Also known as: NCV
- Axonopathy (damage to the long portion of the nerve cell)
- Conduction block (the impulse is blocked somewhere along the nerve pathway)
- Demyelination (damage and loss of the fatty insulation surrounding the nerve cell)
- Alcoholic neuropathy
- Diabetic neuropathy
- Nerve effects of uremia (from kidney failure)
- Traumatic injury to a nerve
- Guillain-Barre syndrome
- Carpal tunnel syndrome
- Brachial plexopathy
- Charcot-Marie-Tooth disease (hereditary)
- Chronic inflammatory polyneuropathy
- Common peroneal nerve dysfunction
- Distal median nerve dysfunction
- Femoral nerve dysfunction
- Friedreich's ataxia
- General paresis
- Mononeuritis multiplex
- Primary amyloidosis
- Radial nerve dysfunction
- Sciatic nerve dysfunction
- Secondary systemic amyloidosis
- Sensorimotor polyneuropathy
- Tibial nerve dysfunction
- Ulnar nerve dysfunction
Nerve conduction velocity (NCV) is a test to see how fast electrical signals move through a nerve.
How the test is performed
Patches called surface electrodes, similar to those used for ECG, are placed on the skin over nerves at various locations. Each patch gives off a very mild electrical impulse, which stimulates the nerve.
The nerve's resulting electrical activity is recorded by the other electrodes. The distance between electrodes and the time it takes for electrical impulses to travel between electrodes are used to determine the speed of the nerve signals.
Electromyography (recording from needles placed into the muscles) is often done at the same time as this test.
How to prepare for the test
Normal body temperature must be maintained (low body temperature slows nerve conduction).
Tell your doctor if you have a cardiac defibrillator or pacemaker, as precautions may need to be taken.
How the test will feel
The impulse may feel like an electric shock. Depending on how strong the stimulus is, you will feel it to varying degrees, and it may be uncomfortable. You should feel no pain once the test is finished.
Often, the nerve conduction test is followed by electromyography (EMG), which involves needles being placed into the muscle and you contracting that muscle. This can be uncomfortable during the test, and you may have muscle soreness after the test at the site of the needles.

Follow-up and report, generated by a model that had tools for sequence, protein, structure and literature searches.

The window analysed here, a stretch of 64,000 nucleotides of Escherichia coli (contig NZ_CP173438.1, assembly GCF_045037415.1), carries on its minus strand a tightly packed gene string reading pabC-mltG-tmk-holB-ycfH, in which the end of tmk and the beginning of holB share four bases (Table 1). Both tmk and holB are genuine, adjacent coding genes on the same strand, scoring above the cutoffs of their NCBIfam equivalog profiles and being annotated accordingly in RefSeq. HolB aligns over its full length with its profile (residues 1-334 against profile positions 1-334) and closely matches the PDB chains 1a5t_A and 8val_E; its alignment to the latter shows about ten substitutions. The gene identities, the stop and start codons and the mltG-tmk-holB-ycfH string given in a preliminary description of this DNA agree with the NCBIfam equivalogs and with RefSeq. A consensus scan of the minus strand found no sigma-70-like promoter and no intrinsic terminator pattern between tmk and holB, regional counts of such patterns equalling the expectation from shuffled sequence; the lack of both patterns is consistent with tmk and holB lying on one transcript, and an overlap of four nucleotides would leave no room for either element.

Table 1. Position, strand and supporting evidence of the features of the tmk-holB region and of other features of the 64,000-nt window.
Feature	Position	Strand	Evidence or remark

Why the test is performed
This test is used to diagnose nerve damage or destruction. Occasionally, the test may be used to evaluate diseases of nerve or muscle, including myopathy, Lambert-Eaton syndrome, or myasthenia gravis.
NCV is related to the diameter of the nerve and the degree of myelination (the presence of a myelin sheath on the axon) of the nerve. Newborn infants have values that are approximately half that of adults, and adult values are normally reached by age 3 or 4.
Note: Normal value ranges may vary slightly among different laboratories. Talk to your doctor about the meaning of your specific test results.
What abnormal results mean
Most often, abnormal results are due to some sort of nerve damage or destruction, including:
The nerve damage or destruction may be due to many different conditions, including:
What the risks are
There are no risks.
An NCV test shows the condition of the best surviving nerve fibers, so in some cases the results may be normal even if there is nerve damage.
Griggs RC, Jozefowicz RF, Aminoff MJ. Approach to the patient with neurologic disease. In: Goldman L, Ausiello D, eds. Cecil Medicine. 23rd ed. Philadelphia, Pa: Saunders Elsevier. 2007: chap 418.
- Review date:
- September 11, 2013
- Reviewed by:
- Kevin Sheth, MD, Department of Neurology, University of Maryland School of Medicine, Baltimore, MD. Review provided by VeriMed Healthcare Network. Also reviewed by David Zieve, MD, MHA, Medical Director, A.D.A.M., Inc.
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